Look up in the sky! It’s a bird, it’s a plane, it’s… Kenny Starfighter holding a blow dryer? How about the invisible Mr. India? And is that Wonder Woman fighting alongside Invisible Girl? The big question we have on our mind is: who exactly is that half-man, half-bear holding a mini-gun and why can’t every superhero movie have that? Superheroes are a global phenomenon, and although Superman can fly to anywhere on the Earth to help those in need, there are plenty of international superheroes to go around.
However, at first glance, maybe something’s getting lost in translation? A masked wrestler as a superhero? A man with a flying car who would rather be delivering flowers? Who is the equivalent of Batman in, say, Pakistan? Who is the mightiest mortal in Spain? Sometimes we see an international superhero and their similarities to popular American heroes are clear, while others are so different you’ll be upset the USA didn’t come up with it first. Saying that these heroes are a little strange is an understatement, and we’ve assembled 15 international superheroes who are bonkers AF. We’ve got heroes from Japan, India, Sweden, France, China, Mexico, and more! We wonder what fans of Krrish in India think of, say, the X-Men?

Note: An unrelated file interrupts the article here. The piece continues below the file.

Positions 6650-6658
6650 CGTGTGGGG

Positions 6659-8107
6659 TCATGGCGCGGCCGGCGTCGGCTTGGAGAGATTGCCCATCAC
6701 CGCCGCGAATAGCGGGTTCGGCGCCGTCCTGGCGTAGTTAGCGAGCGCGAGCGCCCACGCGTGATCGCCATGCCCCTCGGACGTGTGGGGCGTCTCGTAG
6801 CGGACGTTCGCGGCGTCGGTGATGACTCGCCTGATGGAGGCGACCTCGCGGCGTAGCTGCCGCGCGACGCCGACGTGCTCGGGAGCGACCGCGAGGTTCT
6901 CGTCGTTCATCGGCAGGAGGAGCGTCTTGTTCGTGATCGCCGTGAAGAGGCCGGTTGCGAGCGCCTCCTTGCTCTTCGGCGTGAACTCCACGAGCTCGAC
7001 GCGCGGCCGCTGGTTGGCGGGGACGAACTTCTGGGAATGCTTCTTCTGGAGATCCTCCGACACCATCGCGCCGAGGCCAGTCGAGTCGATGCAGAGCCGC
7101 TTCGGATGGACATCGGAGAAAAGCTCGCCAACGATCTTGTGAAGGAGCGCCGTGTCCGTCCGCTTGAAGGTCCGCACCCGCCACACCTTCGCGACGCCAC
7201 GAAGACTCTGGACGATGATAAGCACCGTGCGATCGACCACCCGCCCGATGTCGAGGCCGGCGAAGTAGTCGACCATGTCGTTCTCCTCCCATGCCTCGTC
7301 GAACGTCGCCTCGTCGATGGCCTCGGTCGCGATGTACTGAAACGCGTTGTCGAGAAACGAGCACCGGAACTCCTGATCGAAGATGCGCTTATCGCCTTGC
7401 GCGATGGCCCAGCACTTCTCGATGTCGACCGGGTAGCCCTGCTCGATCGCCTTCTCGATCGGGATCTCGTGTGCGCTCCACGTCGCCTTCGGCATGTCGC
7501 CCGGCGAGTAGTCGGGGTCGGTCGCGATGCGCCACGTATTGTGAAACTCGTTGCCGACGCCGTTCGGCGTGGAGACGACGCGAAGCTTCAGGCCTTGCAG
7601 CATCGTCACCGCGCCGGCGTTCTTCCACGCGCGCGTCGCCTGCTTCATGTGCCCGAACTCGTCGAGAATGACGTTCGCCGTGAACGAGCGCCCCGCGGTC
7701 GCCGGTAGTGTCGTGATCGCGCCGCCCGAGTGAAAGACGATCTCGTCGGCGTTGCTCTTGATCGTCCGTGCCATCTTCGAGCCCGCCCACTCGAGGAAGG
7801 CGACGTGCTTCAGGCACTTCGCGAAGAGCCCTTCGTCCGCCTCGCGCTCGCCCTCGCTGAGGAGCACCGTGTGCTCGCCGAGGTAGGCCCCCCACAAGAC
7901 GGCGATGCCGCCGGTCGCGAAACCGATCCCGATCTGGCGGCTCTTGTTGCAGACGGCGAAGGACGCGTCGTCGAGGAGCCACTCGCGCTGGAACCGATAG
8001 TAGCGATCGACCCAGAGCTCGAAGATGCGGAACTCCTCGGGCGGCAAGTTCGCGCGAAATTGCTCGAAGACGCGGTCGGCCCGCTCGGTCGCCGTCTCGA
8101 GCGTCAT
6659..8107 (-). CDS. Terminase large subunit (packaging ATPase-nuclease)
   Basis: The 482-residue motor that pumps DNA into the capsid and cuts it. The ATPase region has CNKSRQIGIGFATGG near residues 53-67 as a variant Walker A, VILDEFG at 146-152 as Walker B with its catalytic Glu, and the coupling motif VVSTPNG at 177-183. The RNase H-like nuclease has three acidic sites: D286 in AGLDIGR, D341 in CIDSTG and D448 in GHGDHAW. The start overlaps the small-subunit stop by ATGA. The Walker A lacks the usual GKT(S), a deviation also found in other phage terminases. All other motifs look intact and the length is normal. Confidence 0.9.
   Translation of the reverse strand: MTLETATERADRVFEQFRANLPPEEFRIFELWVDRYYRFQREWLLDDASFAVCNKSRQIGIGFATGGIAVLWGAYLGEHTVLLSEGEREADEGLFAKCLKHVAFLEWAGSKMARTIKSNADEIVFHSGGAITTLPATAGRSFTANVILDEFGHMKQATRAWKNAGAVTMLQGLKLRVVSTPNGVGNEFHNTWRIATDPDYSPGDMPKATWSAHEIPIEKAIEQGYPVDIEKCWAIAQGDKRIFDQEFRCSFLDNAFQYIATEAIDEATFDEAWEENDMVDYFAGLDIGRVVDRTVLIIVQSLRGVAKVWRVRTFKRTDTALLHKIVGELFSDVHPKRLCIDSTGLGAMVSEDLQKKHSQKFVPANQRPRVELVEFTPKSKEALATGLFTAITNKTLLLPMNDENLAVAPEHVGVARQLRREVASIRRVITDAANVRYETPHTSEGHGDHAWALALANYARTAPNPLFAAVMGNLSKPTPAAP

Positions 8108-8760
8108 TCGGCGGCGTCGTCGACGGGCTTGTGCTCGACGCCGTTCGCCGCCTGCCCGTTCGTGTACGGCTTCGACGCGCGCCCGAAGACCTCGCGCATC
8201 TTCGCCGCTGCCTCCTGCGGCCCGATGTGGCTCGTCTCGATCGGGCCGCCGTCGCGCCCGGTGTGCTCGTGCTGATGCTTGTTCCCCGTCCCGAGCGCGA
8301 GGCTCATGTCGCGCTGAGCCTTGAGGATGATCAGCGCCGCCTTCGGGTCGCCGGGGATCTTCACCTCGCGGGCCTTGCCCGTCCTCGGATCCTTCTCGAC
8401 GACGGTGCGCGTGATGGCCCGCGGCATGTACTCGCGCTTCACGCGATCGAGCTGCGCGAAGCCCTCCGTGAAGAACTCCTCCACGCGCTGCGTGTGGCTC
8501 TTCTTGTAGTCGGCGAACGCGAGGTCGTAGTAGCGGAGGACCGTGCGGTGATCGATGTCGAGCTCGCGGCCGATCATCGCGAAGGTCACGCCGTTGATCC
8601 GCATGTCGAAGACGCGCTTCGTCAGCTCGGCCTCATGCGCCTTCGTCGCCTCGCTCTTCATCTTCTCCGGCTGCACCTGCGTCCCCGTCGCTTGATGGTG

Ultraman, and the entire Ultra Series, was made in 1966 by the special effects studio Tsuburaya Productions, named after Eiji Tsuburaya who helped create Godzilla. Ultraman arrived on Earth in his pursuit of Bemular, an escapee from the Monster Graveyard. After merging with Shin Hayata, an officer of the Science Patrol, Ultraman stayed on Earth and fought a variety of aliens and kaiju.
Ultraman punches and kicks his foes and finishes them off with his Spacium Ray, which is fired when he makes his arms into a modified cross position. Given how good our special effects are today, it’s strange to see people fighting in rubber and foam suits, but the more you watch the more you see Ultraman’s influences on pop culture.
Defendor is a Canadian superhero who is on a quest to find his arch-nemesis, Captain Industry. When he’s not wearing all black and patrolling the streets as Defendor, he’s Arthur Poppington, who tells his psychiatrist, Dr. Park, about how his grandfather raised him, teaching him how to read through comic books. Poppington is convinced that Captain Industry is the reason his mother left him as a child. However, we soon learn that Defendor’s grasp on reality is not as tight as we may have hoped.